I am wondering why cell phone service providers need my SSN (social security number)?  You should too.

T Mobile was hacked again.  For the second time this year.  And it’s barely May.

In the first instance, hackers accessed the personal information of 37 million users.  According to T Mobile, only 836 were impacted by the latest hack.  I guess that counts as progress.

I realize that company databases are breached daily.  What disturbs me about this particular breach is that it included users’ SSNs.

Why do cell service providers require users’ SSNs?  Online forums suggest that it is purely for making credit decisions.  Firms like T-Mobile, Verizon-Wireless, Sprint, and AT&T use SSNs to run credit checks on prospective customers.  OK.  But is this really necessary if I am linking a credit card to my account?  Or linking a bank account?  Seems like the credit risks would be greatly reduced.

It’s baffling.

Yes, one can open a prepaid account without providing an SSN.  I have one at Verizon-Wireless.  It’s fine . . . if you don’t mind being treated like a second-class citizen.  Online access to my pay-as-you-go account lacks basic security elements.  There are no two step verification options, for instance.  Nowhere can one input secondary email or phone contacts.  The basic understanding appears to be this: “If you want better account security options give us your SSN.”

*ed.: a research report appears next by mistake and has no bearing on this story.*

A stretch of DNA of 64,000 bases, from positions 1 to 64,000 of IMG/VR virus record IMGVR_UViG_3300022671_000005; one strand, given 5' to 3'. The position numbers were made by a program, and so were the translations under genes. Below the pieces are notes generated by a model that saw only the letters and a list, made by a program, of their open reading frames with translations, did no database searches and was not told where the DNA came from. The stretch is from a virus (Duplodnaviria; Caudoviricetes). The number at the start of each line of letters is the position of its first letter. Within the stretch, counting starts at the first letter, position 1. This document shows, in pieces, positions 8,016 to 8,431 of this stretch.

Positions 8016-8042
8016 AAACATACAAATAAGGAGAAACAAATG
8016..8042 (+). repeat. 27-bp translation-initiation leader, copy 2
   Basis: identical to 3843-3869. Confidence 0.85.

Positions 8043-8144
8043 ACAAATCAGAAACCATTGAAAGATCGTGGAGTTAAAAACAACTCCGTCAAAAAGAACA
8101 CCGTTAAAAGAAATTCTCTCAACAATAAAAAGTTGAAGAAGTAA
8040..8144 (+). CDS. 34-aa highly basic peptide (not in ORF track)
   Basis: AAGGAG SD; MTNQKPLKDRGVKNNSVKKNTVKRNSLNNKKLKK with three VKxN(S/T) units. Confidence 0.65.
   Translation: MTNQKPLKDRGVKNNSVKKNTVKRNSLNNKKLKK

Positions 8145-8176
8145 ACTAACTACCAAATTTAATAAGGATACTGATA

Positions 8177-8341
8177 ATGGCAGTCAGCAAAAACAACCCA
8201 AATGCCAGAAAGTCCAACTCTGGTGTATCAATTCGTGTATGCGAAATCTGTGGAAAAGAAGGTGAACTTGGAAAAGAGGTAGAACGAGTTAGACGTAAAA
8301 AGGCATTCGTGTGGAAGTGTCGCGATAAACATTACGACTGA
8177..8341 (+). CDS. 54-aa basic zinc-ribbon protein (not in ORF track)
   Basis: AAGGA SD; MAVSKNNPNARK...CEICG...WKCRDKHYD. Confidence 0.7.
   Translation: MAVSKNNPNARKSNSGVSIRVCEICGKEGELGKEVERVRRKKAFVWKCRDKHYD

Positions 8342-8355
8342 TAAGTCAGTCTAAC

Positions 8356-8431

Sounds like a bad bargain.  T Mobile has disclosed data breaches nine times since 2018.  It is not alone.  Here is a short list of recent cell phone service provider data breaches:

Provider Date Users Impacted
T Mobile Mar. 27, 2023 836
T Mobile Jan. 20, 2023 37 million
Verizon Wireless Feb.  8, 2023 7.5 million
Sprint Aug.  9, 2022 Undisclosed
AT&T Mar.  9, 2023 9 million
US Cellular Feb.  6, 2023 52,000

Bear in mind that these are the disclosed data breaches.  Chances are that there are others that have gone undetected.

So, why should you trust your SSN (and perhaps your credit card and/or bank information) to these companies?

Good question.

If you would like to suggest other questions to me, click here.

Peter Dragone - Co-founder of Keurig.